I’m back in London. I spent most of yesterday driving, we took the opportunity to call in with some friends on the way back and we were not helped by proper Welsh rain. Now I’m quite enjoying flumping on my own sofa and not doing anything. Ergo there are no hilarious hijinks to report.
I’d better talk about something else then.
This year I’ve been very fortunate in reading many, many, excellent short stories. You know the kind of stories you read and they’re so good your breath is slightly taken away, you’re not sure whether to feel jealous or joyous, they have in short left their mark on you.
Here’s my top five (that I’ve read this year, in ascending order):
5. The Last Reef by Gareth Lyn Powell – I missed this when it was in print in Interzone but managed to catch it the second time round when it was released online earlier this year. The sf conceits in this story are not new, you won’t be blown away by a startling vision of the future, but what you will find is a brilliantly charming character driven piece, great imagery and some really tight writing.
4. Shattered Like A Glass Goblin by Harlan Ellison – I’ve like Ellison’s work since my teens but found it quite hard to pick up for some reason, I’d get scraps here and there. This year I treated myself to a massive volume: “The Essential Ellison”. There’s a plethora of good stories including “Repent, Harlequin!” Said the Ticktockman but, so far, Shattered Like A Glass Goblin is my favourite. The writing is tight; the imagery achieved with a surgeon like use of language, a well crafted allegory wrapped inside a terrifying dark fantasy. And Ellison doesn’t need the likes of me fawning over him, so I’ll shut up now. Read it.
3. How Do You Think It Feels? by Neil Gaiman – There aren’t enough stories about gargoyles, not in my opinion anyway. For a long time this year this was my favourite short story. It is a beautiful, sad, dark, strange, well crafted story. An unsettling meditation on love and loss. Gaiman at his best.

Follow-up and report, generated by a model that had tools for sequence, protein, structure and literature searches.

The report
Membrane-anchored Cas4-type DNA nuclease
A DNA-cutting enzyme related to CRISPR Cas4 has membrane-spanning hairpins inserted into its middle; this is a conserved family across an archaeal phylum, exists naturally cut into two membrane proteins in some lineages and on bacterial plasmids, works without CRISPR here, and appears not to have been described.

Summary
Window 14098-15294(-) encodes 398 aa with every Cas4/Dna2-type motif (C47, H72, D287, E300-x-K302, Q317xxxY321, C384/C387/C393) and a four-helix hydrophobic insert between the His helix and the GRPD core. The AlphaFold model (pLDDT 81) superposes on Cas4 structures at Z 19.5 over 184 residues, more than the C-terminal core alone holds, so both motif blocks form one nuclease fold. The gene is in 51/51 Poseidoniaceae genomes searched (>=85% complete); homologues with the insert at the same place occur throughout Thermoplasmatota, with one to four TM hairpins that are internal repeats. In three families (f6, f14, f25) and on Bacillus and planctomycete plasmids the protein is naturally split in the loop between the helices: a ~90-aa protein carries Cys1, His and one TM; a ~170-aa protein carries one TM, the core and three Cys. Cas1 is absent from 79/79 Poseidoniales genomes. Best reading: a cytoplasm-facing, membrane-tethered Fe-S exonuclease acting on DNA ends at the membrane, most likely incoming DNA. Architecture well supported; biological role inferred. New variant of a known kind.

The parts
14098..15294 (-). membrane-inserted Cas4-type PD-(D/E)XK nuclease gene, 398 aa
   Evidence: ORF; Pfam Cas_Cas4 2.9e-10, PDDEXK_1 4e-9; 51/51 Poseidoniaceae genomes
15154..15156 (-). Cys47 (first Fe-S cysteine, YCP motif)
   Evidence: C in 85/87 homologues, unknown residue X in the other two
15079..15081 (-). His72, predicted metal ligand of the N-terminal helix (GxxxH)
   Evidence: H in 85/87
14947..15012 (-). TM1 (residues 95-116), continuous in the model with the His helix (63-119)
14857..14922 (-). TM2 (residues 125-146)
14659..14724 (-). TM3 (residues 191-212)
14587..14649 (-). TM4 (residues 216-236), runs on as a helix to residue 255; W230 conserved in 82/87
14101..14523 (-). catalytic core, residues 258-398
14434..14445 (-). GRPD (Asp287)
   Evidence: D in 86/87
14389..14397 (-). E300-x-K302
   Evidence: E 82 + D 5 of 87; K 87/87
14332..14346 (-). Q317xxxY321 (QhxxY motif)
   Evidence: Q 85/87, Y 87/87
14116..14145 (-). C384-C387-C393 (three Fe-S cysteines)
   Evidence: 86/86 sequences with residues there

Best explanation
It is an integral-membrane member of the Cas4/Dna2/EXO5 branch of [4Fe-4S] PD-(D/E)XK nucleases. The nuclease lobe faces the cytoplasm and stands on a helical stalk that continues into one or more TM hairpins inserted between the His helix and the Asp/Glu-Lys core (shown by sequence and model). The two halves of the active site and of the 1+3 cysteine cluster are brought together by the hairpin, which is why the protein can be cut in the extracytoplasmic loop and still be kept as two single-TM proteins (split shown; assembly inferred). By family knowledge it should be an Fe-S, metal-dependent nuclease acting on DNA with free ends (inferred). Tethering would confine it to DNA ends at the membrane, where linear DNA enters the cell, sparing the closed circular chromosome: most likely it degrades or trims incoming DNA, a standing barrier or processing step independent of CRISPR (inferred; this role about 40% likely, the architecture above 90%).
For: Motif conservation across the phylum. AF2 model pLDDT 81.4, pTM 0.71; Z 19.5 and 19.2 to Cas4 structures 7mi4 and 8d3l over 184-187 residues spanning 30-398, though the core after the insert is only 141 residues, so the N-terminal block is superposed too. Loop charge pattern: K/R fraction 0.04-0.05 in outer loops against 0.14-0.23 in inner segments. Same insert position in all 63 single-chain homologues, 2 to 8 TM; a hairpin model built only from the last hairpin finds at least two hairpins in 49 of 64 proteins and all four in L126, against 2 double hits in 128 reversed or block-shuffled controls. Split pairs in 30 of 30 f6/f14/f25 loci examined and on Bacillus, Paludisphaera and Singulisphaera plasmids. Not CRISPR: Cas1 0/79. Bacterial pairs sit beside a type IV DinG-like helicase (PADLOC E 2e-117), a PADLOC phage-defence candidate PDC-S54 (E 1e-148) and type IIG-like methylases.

2. The Ladies of Grace Adieu by Susanna Clarke – I’d been curious to read Susanna’s break through short story for ages; it has fast become the thing of legend, a story wannabe fantasy writers tell each other late at night with a kind of jealous awe. And there’s a very good reason. It’s off-the-page good. The kind of good that has you chewing your fist, asking why? how? and shaking your head with the cold knowledge that you’ll most likely never achieve such heights. Even with all that it’s a joy. You’re missing out if you don’t read this one.
1. The Cape by Joe Hill – I nearly didn’t read this at all. An ugly confession but it’s true. I read Joe’s first novel “Heart Shaped Box” and loved it, it was the best first novel I’d read in ages. I raved about it, I lent it to friends and basked in the reflected glory as they in turn raved about it. Then I went looking for his short fiction.
Eventually I managed to get hold of a copy of Best New Horror via an anthology. And wasn’t fussed. There I said it. Yes I know it won awards. Yes I know many raved about it including Neil Gaiman. But it wasn’t for me. And so I wasn’t sure about whether to pick up Joe’s collection. For about thirty seconds.
Picked up in an airport bookstore in Washington, Joe’s first collection 20th Century Ghosts is the most consistent short story collection I have ever read. Just the nuts. From the beautifully crafted ghost story that the collection takes its title from to the wonderfully strange, wonderfully moving Pop Art to the disturbing darkness of Abraham’s Boys.
But for me the one that got me, that really got inside my defences and ripped it up was The Cape. It’s a perfect short story from a writer at the height of his powers: you want to spend time with the characters, you recognise them, the pacing is perfect, the chills are cold icy hands on the back of your neck. And I didn’t see the end coming, pretty rare for me.
And that’s my top five. What’s yours?